The answer is really not as complex as it seems. When my teachers introduced me to great authors through reading aloud, I was a reader.  When my teachers told me about books that I’d find on the shelves of my school library, I was a reader.  I only stopped when I could no longer find great authors and titles.  I stopped when that information became “secret.” When we ask, “How do we get kids to want to read,” the answer is simple: Invite them into the Secret Society for Selecting Stories by reading aloud and advertising books with the marketing zeal of McDonald’s. Every day pick up no less than five books and tell students something about the title or author or genre or series.  Let them know what’s out there!

The NY Times’ Facebook question yielded 144 responses.  People spoke fondly and  passionately about the books that turned them into readers.  The list was vast and varied and as I read through the titles it occurred to me that this list needed to be made public in a big way.  The more teachers know about books, specifically books that turn kids into readers, the better able we are to inform students.  If you’ve got students who look at reading as drudgery, be sure to check out the titles that people recommended. http://www.facebook.com/#!/permalink.php?story_fbid=184828184899541&id=147881585260868  

But let this be only a beginner list!  Share with us the book that turned you into a reader!  And your children?  And your students? 

Tuesday, May 17, 2011

An Evolution of Change in our Reading Diet

One night last week, my second grade son Nathan stayed up late reading Mary Pope Osborne’s Dragon of the Red Dawn from the Merlin Mission installments of The Magic Tree House series.  I was very pleased to see this because Nathan has always been my eager reader but second grade brought about a bit of a change.  He became a “take it or leave it” reader—devouring books that captured his fancy and being perfunctory at all other times.  It was good to see him feeling hungry for his old friends Jack and Annie.

The next morning, he came into my room with the book in hand and said, “Mom, mom, you’ve got to hear this!” The passage he read aloud went like this:

Below the tree house was a beautiful garden filled with cherry trees and long-leafed willows.  A waterfall tumbled into a sparkling green pool.

He went on to say, “Can’t you picture that mom?  Isn’t that beautiful?  You know, I like the Merlin Missions so much better than the “original” Magic Tree House.  I have to read these books slower and I like them so much better because they don’t take me just a day to finish like the other ones.”


When I talk to teachers about book choice, I often encourage them to allow children to choose “easy” reads.  I implore teachers to bless magazines and picture books and comics as valid reading but teachers are skeptical.  I am often questioned about this idea of “challenging” young readers.  If students are capable of reading a chapter book, why shouldn’t they? If they are always reading things that are too easy, how will they grow as readers?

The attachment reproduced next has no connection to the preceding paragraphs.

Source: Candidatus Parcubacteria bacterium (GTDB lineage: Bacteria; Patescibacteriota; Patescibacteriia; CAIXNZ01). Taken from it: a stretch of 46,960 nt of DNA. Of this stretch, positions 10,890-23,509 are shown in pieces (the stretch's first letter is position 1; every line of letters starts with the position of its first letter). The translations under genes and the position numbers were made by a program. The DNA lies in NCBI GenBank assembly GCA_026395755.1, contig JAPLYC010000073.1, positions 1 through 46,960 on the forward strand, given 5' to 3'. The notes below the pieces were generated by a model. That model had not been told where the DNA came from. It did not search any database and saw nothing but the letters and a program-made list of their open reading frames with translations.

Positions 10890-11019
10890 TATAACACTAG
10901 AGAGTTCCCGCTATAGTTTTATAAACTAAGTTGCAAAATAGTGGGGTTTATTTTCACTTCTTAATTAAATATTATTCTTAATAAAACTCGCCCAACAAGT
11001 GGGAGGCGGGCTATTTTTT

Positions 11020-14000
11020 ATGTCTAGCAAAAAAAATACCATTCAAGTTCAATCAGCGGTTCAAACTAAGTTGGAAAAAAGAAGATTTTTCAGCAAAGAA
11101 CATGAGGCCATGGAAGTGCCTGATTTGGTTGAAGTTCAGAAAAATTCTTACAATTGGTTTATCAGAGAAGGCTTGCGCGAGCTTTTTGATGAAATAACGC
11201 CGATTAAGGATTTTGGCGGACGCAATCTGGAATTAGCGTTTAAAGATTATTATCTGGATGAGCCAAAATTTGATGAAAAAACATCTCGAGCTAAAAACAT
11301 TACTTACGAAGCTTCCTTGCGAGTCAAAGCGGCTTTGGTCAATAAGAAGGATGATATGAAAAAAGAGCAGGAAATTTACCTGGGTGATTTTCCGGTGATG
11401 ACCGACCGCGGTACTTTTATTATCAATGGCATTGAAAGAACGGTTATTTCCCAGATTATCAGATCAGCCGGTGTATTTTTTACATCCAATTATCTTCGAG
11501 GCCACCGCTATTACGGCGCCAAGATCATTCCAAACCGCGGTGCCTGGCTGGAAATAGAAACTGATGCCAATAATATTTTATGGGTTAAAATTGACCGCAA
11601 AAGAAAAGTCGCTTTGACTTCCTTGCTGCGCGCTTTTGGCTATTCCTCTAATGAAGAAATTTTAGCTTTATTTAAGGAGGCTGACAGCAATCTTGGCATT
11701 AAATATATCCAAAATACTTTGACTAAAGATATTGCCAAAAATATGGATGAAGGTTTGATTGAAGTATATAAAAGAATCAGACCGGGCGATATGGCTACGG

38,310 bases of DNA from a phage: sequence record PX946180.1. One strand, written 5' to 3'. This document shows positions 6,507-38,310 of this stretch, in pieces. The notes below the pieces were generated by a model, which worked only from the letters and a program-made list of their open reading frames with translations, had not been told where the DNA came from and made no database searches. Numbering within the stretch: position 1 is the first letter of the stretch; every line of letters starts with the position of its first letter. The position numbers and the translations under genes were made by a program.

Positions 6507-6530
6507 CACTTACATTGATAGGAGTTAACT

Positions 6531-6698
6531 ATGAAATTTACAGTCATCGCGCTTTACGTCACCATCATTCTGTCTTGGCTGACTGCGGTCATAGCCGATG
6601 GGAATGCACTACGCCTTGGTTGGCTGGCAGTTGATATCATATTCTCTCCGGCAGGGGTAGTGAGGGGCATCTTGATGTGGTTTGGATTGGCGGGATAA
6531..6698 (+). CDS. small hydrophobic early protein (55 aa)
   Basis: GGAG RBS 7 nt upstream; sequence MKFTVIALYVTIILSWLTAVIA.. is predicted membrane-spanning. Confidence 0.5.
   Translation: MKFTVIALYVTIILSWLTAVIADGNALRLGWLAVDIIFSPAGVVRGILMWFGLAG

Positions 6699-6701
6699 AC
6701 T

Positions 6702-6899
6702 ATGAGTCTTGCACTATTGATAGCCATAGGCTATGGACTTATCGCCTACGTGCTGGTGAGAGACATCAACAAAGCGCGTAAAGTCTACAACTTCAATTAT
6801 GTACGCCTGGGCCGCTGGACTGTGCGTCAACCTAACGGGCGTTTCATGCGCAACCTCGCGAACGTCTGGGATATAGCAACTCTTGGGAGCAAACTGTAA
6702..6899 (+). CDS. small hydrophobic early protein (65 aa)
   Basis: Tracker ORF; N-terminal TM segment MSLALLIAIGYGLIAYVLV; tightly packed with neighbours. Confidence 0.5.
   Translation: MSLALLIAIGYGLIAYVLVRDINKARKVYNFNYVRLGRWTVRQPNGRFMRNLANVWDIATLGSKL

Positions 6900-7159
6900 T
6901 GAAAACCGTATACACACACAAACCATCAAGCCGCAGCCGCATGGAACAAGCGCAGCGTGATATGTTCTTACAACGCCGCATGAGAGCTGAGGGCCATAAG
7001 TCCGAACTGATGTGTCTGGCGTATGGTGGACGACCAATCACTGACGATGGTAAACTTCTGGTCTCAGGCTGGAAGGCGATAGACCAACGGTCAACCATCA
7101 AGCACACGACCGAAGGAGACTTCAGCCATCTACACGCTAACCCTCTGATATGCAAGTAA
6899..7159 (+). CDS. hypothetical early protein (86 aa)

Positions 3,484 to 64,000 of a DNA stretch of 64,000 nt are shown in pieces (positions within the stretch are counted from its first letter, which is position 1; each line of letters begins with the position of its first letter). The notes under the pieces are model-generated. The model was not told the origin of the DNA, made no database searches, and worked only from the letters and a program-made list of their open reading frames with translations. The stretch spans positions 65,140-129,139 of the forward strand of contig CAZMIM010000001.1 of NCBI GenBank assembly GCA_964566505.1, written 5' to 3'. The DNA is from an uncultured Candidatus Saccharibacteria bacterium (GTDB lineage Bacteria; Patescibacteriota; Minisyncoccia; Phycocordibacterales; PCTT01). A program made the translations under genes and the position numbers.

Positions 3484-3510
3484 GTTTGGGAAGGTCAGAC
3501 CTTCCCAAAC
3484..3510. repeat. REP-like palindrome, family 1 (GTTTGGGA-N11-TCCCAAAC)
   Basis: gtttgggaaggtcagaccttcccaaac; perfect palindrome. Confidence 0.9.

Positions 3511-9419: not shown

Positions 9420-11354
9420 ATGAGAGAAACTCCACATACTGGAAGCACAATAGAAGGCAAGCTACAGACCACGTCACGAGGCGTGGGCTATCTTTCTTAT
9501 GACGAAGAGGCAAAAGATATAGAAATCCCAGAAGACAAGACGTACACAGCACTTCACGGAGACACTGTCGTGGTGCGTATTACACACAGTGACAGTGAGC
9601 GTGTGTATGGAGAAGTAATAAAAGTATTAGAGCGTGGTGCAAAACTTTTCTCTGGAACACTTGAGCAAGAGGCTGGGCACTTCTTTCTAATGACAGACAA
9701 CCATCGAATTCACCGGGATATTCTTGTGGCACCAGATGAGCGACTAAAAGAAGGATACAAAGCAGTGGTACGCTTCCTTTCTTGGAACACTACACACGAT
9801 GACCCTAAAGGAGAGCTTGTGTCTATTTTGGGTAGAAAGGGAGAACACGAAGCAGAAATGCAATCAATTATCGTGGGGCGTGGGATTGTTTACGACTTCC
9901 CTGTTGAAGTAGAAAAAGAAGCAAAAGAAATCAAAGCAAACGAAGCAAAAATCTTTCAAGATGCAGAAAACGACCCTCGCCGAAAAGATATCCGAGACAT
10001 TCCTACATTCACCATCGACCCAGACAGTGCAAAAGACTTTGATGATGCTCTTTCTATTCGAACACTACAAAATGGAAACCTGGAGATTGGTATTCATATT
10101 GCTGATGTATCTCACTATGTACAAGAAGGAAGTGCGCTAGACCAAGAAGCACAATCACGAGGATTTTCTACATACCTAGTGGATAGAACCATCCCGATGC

I think these concerns have real merit, but my response always begins like this: If our students do not embrace reading, hard or easy, it won’t matter because they won’t be doing much of either.  And the second thing I always say is that nobody stays in the same place as a reader forever.  Nathan is living proof.  Once upon a time, Dinosaurs Before Dark and Afternoon on the Amazon satisfied him as a reader.  Now, he craves longer books.  He craves books with richer description and that is why the Merlin Missions, with their familiar characters, but slightly more complex language, have rekindled a fire. 

When I was in high school, I loved VC Andrews and Danielle Steel.  Once I got married and settled into my grown up life, romance novels no longer had the appeal they once did.  I moved on to Belva Plain and then read everything by Jodi Piccoult.  I eventually tired of them and began a steady and exclusive diet of non-fiction.  Now I love Malcom Gladwell and Chip and Dan Heath, and of course, all books about literacy and learning.  If anybody would have told me that VC Andrews was not challenging enough and suggested that I try out something more my “speed,” I wouldn’t have.  I wanted to read what I wanted to read.  And when I was done, I moved on to the next thing that I wanted to read.  Like I said before, nobody stays in the same place as a reader forever.  If you doubt me, think about your own reading life.  Do you read the same stuff you read in high school?

Monday, May 9, 2011

Literacy Gospel Unhinged

As a literacy coach, I travel from school to school. I don’t have a home base and therefore, often work in classrooms that don’t look even a smidge like what my own classroom used to look like. Sometimes desks are organized in rows and it’s difficult to move about the room. Sometimes there’s no meeting area. Sometimes there’s no easel or markers or paper. Sometimes the classroom library is nothing more than books crammed onto a shelf in the back corner of the room. I work within the parameters I am given and have to think on my feet about how to adjust to mediate my vision for good literacy instruction.